Hurd accused over arms-for-Iraq affair

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Indy Politics
DOUGLAS HURD, the Foreign Secretary, was accused of misleading Parliament over arms sales to Iraq during the Commons debate on the United Nations, writes Nicholas Timmins.

Tam Dalyell, Labour MP for Linlithgow, told MPs he accepted that John Major, during his brief spell as Foreign Secretary in 1989, either did not understand or was not fully briefed on the issues.

'But his successor, Mr Hurd, was a very different kettle of fish because few men have come to the office of Foreign Secretary with a greater knowledge of world affairs. He is very clever and very quick on the uptake. I cannot believe that the Foreign Office officials would have dared in these matters not to brief him.'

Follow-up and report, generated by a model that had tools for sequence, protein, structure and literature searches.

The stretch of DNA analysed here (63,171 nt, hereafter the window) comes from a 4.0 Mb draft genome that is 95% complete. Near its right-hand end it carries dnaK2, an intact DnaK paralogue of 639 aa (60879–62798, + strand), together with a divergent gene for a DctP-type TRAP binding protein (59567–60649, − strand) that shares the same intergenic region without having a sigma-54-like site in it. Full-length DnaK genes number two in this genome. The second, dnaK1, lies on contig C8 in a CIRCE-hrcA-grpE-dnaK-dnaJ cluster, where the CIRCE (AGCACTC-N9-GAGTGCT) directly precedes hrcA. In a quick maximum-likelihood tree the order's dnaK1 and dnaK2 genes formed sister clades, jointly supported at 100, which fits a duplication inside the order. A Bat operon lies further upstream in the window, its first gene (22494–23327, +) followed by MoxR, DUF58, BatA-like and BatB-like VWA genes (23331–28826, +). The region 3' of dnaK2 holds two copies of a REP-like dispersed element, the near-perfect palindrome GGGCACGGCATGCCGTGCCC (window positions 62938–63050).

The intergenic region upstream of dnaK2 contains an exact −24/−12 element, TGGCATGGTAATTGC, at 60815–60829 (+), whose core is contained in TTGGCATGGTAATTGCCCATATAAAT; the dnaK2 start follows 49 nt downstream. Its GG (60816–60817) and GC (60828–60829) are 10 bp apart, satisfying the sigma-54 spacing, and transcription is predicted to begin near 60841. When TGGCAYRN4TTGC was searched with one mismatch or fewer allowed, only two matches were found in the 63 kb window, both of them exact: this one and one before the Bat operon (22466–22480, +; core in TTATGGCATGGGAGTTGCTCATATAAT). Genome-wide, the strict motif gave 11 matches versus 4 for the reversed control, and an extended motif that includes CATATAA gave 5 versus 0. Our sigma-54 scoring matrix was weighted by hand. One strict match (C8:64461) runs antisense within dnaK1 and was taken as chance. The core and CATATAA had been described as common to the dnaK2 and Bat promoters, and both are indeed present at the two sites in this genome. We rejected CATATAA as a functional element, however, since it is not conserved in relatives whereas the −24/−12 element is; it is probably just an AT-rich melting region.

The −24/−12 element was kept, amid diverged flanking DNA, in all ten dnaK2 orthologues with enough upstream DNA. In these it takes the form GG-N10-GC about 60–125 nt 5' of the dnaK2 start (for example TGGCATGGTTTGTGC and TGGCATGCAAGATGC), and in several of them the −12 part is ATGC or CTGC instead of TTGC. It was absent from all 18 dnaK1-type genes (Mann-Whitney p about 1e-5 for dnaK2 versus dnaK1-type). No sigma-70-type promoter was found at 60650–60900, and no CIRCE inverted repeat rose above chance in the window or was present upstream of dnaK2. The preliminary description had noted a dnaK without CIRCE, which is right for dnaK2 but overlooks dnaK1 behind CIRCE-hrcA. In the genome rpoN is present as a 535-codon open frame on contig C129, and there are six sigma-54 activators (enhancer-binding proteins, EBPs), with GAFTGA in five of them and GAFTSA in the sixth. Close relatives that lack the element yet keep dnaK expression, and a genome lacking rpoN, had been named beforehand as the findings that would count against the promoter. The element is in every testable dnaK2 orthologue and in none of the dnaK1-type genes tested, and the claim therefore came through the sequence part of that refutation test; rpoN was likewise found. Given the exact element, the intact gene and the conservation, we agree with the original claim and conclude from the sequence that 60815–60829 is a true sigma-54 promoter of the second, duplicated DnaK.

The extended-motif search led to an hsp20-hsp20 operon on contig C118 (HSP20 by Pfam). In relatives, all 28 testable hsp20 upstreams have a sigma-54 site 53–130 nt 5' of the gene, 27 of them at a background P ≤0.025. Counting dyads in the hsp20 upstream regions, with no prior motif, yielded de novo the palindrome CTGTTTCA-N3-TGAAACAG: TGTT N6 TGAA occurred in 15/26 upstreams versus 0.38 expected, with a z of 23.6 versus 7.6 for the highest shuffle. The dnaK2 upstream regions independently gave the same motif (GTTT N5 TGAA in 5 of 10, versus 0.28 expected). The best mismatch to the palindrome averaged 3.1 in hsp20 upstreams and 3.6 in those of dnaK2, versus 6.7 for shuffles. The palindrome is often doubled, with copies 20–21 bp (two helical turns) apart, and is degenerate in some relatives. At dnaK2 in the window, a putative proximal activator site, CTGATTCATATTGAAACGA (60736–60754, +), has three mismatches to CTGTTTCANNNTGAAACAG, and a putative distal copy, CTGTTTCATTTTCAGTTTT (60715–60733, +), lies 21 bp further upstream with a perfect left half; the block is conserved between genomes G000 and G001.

Yet in March 1990, Mr Hurd had told Gerald Kaufman, his Labour opposite number, after Iraq's attempt to import nuclear triggers from Britain had been discovered: 'You know that we do not supply arms to Iraq and I am glad of the opportunity to make that clear.' That, he said, required an explanation.

Douglas Hogg, the Foreign Office Minister of State, replying to the debate, accused Mr Dalyell of 'abusing' it with irrelevant issues.